Equinox Vigil is your chance to deal with grief, embrace your mortality — and celebrate
CALGARY—Research shows that 100 per cent of people will die.
That’s a joke registered social worker and death, dying and bereavement expert Janet Arnold tells at the beginning of each semester in her Topics in Death and Dying course at Mount Royal University.
But even though death affects all of us, Arnold said as a society, we’re bad at talking about it.
“As a North American culture, we tend not to acknowledge and recognize grief, or even death,” Arnold said.
“The professional and North American society tends to give people three to five days for a bereavement leave. But grief is a process, it can take a long time.”
However, she said there have been movements that are changing the way we talk about death, one of them being Saturday’s Equinox Vigil at the historic Union Cemetery.
The event, now in its seventh year, was inspired by both ancient and contemporary traditions that address death and celebrate the natural cycle of life and death from around the globe.
Each year on the fall equinox, people of all ages and beliefs gather in historic Union Cemetery.
There — surrounded by live music, art installations, prayer flags and glowing lanterns — the public is welcome to spend an evening remembering and reflecting on the way death has touched their lives.
Sharon Stevens, founder and curator, said she wanted to bring an event like this to Calgary because she was still struggling with the death of her father.
“I found the funeral and ways to respond to him after didn’t quite meet my level of spirituality or what I’m interested in,” Stevens said.
“As an artist, I look at creative ways to express life and death, so it’s been on my mind since he died 23 years ago. I was inspired because Vancouver had an event like this.”
She reached out to the Vancouver organizers and soon after, brought it to Calgary.
“I feel an honour and privilege that we were able to do this for Calgarians,” Stevens said.
“It’s not morbid. It’s not super sad. There’s lots of hugs and camaraderie. There’s a shrine dedicated to pets,” Stevens said.
Arnold said events like this can help with the healing process. They also can show that there are different ways to grieve, which is important to recognize.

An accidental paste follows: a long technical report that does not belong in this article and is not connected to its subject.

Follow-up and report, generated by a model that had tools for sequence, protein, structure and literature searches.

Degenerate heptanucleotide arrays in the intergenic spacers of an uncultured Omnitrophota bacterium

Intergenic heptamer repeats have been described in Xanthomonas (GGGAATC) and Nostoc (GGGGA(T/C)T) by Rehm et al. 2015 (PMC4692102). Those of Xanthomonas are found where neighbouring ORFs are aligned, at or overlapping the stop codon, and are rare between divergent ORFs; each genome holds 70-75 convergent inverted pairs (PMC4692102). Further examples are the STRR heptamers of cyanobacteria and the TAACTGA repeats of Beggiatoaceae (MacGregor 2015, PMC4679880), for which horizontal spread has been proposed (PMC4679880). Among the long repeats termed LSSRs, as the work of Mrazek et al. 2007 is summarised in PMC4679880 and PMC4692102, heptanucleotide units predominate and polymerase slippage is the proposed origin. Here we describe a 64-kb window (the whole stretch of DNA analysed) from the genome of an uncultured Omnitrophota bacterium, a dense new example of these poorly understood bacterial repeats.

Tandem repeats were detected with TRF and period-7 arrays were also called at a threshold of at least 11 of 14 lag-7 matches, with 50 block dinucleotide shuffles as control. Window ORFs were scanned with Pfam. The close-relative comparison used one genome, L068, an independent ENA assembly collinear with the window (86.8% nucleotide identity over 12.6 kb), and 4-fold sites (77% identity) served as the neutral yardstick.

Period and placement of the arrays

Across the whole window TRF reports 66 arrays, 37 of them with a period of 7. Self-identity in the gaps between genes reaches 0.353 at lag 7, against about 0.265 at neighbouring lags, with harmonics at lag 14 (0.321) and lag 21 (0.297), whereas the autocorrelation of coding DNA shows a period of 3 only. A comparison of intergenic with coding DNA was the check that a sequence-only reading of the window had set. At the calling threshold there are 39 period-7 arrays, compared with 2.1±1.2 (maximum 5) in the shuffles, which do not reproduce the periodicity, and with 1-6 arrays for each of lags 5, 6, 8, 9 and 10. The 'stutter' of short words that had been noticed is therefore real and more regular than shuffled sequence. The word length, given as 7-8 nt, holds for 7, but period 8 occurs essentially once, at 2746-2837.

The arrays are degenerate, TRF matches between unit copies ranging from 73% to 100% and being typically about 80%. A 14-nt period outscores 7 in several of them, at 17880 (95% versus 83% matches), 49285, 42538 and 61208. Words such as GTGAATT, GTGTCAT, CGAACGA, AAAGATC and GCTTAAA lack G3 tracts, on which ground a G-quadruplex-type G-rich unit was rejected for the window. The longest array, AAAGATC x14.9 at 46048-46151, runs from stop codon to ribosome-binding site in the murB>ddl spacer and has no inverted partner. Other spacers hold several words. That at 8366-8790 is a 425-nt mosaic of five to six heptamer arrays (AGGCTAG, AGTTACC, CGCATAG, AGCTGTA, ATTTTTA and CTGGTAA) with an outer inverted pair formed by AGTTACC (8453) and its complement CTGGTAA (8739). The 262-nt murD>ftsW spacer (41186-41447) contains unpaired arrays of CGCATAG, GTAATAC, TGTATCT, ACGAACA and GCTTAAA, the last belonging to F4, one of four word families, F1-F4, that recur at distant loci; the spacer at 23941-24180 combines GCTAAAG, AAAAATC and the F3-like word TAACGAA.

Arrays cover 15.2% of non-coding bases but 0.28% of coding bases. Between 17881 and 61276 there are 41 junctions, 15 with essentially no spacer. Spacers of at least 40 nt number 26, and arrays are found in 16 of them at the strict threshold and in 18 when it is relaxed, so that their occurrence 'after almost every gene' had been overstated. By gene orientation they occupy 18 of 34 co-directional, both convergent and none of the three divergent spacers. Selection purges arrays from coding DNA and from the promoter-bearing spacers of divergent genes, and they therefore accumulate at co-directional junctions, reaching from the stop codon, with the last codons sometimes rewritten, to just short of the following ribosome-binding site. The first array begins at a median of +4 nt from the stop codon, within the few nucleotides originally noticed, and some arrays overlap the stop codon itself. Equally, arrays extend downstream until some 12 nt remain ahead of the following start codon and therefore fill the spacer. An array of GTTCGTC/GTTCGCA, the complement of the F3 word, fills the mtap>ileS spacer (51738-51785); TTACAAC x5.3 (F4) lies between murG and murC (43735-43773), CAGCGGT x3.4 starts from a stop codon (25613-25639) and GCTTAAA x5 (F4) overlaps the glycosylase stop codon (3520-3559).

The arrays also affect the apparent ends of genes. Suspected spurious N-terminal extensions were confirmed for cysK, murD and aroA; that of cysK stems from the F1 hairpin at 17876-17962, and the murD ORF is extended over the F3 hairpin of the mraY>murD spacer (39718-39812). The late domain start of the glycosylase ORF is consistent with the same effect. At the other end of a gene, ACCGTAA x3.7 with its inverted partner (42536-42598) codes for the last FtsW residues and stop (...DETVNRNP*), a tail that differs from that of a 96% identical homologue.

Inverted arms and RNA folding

“We may experience it differently. Every path through grief is unique, but death is an equalizer, and how we choose to deal with that is how we differ,” Arnold said.
“It’s a way for people to come together and create community … it’s a way of saying we acknowledged this happened and I’m not alone, you’re not alone.”
This year, Stevens said there is an emphasis on grief surrounding climate change and world events.
“It’s not just climate change, but our summers of being closed in, refugees moving all over the planet, I think people are also coming to this event feeling all of that,” Stevens said.
Ashlee Cunsolo, director of the Labrador Institute, specializes in the topics of climate change, mental health and ecological grief.
For the past 10 years, Cunsolo has been studying the mental impact the changing environment has on Inuit people in Labrador.
“People were expressing strong emotions, including grief, mourning and sadness, and talking about how hard it is to witness the changes and experiencing them.”
Cunsolo said more people are expressing ecological grief and loss related to what’s happening in the world.
“It really is something that we need to take seriously, and more and more people are expressing it and advocating for it,” Cunsolo said.
“You can see shifts in mental health practices, too. There are a lot of psychologists who are focusing on the field of ecopsychology … (events like this) are a really healthy approach for people to come together and talk about these things.”